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Happy New Year Everyone

Obviously I haven’t made any new year resolutions as I find they get lost in the January rush to finish tax returns. Anyway, if something is worth doing you should start when you think about it not wait for an arbitrary date.

I do have some goals for 2018, but not too many and they are not necessarily defined. Some goals are fixed, all or nothing, (I want to visit Italy this year) so they can be accomplished by simply booking a holiday and remembering to turn up at the airport.

The second sort is to to do more of something (painting, hill walking etc) and a third is either improve or get to a certain level of something (money, ability, whatever). Only the last is really quantifiable and even then there are good reasons for not actually putting a target on it.

A lot of people get demoralized when things don’t go to plan even though they are improving especially if your results are going up and down. And when you can’t easily quantify a goal. Learning a language for instance. Difficult to measure changes on a small scale and hard to check on ability level. I know I can speak French reasonable well but exactly how well. I can’t just get on a scale every morning like I was checking my weight.

I don’t want to put numbers to things in case it all gets a bit anal. I don’t like to have a chart of how close I am to a goal or in fact obsess about it at all. Rather I know where I want to be going and then decide an achievable amount of effort to commit to it. Then work out what the process is and stick to that.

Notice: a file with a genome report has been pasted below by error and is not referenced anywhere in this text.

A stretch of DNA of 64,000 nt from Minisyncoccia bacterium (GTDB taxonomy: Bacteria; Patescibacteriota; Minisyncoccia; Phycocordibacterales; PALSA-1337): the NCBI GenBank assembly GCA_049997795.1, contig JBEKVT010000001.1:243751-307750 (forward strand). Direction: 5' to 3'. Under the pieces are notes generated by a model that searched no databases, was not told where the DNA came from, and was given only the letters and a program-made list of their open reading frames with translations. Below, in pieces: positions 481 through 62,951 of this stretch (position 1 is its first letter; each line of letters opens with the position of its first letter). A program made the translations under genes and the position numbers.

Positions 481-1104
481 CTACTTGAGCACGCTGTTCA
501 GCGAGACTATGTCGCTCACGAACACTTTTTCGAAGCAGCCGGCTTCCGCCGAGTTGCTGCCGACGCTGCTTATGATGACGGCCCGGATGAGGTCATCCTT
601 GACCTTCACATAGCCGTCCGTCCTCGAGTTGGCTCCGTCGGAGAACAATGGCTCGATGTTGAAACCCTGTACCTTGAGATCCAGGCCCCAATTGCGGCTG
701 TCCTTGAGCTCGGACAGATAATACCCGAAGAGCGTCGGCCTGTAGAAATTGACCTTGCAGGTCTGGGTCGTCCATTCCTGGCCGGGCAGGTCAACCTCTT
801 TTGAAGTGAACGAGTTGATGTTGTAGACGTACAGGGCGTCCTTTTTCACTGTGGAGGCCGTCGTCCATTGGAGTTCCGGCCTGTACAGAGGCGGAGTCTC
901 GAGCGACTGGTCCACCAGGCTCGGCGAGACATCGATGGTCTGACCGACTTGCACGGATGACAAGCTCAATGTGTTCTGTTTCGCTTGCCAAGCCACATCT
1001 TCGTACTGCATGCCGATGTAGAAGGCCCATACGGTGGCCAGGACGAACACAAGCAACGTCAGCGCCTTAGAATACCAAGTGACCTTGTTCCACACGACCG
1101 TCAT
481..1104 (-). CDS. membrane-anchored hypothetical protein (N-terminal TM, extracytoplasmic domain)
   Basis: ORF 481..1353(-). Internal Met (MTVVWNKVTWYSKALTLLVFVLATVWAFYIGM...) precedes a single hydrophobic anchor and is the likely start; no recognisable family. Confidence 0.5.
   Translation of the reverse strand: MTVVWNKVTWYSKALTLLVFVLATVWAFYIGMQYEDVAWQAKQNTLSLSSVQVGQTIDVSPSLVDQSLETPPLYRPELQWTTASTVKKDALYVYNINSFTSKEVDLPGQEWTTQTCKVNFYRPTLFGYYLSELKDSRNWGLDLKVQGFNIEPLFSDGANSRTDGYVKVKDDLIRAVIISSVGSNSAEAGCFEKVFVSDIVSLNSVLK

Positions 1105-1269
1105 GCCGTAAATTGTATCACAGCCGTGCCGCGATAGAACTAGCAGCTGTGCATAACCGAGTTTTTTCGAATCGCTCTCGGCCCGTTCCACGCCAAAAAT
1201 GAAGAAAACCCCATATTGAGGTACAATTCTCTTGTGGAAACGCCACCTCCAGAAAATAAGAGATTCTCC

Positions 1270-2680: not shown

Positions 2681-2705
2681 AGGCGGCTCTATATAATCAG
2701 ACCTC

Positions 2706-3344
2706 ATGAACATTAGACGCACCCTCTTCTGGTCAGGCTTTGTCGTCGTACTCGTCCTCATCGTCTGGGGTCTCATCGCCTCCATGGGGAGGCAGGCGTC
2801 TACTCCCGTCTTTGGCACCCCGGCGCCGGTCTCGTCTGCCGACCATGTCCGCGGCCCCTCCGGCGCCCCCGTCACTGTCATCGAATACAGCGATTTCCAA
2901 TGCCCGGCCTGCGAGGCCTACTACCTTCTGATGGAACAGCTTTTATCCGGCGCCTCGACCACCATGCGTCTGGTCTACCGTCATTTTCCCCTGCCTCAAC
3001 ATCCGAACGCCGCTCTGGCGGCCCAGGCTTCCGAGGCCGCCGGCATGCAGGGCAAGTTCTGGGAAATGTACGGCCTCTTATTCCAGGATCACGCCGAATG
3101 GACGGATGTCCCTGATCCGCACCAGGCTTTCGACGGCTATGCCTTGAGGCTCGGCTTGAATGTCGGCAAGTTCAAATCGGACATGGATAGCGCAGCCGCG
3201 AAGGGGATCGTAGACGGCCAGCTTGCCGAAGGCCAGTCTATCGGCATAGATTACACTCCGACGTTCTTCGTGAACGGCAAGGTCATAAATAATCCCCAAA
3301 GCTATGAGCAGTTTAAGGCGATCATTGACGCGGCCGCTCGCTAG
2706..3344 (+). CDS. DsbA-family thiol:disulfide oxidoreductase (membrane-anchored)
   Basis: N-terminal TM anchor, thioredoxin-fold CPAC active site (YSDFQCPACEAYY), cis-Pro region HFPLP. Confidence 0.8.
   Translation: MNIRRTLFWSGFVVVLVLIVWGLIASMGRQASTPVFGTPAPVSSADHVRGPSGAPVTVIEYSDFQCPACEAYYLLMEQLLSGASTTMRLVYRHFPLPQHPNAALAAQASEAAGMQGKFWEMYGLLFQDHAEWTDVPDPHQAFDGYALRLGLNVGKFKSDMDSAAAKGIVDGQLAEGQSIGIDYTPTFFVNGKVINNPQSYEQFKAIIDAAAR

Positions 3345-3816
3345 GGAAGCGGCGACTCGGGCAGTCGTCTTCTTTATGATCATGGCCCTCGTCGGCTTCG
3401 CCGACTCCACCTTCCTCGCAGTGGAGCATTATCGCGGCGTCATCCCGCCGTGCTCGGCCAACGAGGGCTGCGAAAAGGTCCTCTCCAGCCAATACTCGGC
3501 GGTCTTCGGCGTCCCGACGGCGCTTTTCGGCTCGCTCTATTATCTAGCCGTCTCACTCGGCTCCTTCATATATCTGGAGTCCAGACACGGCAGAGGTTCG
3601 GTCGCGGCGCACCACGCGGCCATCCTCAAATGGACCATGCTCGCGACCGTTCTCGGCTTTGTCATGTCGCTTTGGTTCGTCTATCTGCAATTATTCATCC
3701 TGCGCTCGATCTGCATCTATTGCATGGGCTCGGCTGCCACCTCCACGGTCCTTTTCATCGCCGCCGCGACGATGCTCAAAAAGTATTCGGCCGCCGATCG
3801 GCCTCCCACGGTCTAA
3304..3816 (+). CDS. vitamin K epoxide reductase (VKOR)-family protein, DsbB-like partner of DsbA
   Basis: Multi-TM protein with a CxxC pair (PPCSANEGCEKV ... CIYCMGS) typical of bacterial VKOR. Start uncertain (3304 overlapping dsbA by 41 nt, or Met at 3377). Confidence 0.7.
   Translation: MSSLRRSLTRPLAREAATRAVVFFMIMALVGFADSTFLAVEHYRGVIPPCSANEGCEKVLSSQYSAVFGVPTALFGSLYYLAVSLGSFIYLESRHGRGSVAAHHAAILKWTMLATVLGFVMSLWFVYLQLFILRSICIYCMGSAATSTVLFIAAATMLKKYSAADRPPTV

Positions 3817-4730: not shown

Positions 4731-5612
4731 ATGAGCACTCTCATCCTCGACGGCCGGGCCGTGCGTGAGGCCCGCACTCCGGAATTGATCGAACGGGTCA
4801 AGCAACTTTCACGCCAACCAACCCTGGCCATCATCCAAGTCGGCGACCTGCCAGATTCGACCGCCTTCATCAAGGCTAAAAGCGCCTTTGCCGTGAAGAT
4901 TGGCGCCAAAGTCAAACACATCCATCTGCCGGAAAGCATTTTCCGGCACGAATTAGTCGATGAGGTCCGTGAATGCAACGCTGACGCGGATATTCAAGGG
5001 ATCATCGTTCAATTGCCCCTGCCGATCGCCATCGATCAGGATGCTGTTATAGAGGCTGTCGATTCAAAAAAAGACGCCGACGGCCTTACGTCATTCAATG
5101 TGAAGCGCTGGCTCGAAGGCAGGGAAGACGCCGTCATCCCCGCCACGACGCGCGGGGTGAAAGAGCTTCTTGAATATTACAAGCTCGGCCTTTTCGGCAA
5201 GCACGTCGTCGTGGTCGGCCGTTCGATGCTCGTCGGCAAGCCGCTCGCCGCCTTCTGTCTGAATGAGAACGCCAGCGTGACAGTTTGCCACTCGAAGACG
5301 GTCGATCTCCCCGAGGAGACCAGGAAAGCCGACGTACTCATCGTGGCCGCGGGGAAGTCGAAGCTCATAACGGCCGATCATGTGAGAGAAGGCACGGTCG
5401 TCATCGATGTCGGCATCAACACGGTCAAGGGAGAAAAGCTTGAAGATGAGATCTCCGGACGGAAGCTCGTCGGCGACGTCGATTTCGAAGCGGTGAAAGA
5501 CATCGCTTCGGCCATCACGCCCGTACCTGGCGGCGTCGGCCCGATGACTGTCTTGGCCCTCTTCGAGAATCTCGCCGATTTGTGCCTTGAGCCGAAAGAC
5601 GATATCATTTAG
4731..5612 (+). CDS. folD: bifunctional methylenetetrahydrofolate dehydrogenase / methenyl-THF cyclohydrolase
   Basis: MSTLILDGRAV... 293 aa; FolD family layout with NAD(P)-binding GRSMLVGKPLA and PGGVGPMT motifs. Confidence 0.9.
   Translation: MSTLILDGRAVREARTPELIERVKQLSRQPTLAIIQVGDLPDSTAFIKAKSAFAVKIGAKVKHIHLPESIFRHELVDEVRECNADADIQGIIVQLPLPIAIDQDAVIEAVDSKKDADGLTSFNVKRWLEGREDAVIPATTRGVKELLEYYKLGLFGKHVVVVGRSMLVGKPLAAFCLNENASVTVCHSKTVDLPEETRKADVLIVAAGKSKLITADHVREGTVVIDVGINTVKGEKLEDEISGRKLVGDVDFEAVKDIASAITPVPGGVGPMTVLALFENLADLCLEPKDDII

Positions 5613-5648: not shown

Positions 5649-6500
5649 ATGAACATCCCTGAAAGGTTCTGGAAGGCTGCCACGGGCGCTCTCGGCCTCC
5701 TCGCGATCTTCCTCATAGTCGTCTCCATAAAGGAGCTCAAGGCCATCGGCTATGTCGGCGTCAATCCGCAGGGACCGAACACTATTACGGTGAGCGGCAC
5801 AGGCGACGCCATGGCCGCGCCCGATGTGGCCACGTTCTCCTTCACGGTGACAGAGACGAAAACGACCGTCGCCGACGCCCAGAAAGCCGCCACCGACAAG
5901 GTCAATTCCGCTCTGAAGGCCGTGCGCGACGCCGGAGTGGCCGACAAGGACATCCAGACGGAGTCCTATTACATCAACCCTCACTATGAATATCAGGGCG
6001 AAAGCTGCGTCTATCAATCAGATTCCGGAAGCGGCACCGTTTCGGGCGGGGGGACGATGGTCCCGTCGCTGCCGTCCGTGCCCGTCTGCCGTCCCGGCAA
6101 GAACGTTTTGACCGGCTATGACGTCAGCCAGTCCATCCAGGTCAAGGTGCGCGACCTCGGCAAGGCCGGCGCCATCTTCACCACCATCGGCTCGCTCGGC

You can’t control results but you CAN control processes. Rather than deciding to lose X kg of fat you can commit to eating 500 less calories per day and perhaps doing 15 minutes of exercise. That gives a mini daily goal if you like. Once you start you can tick of an achievement every day, however you find it most motivating (everyone is different).

And if you do exercise try short bursts (assuming you are fit enough) or “resistance training” (using weights) instead of long jogs or pounding the treadmill (bad for your joints).

No need to go to a gym. Check out BBC’s “Trust me I’m a doctor” website for tips on weight training with household items and don’t overdo it.

Google “trust me i’m a doctor strength training” and check out series 4 episode 1.

One thing that is important is to make sure you are always improving. Thirty minutes a day spent doing something you find easy isn’t going to help as much as doing something you find a challenge. Nor is it as satisfying.

Whatever you choose to do this year, I hope it’s a good one for you.

Best wishes

Paul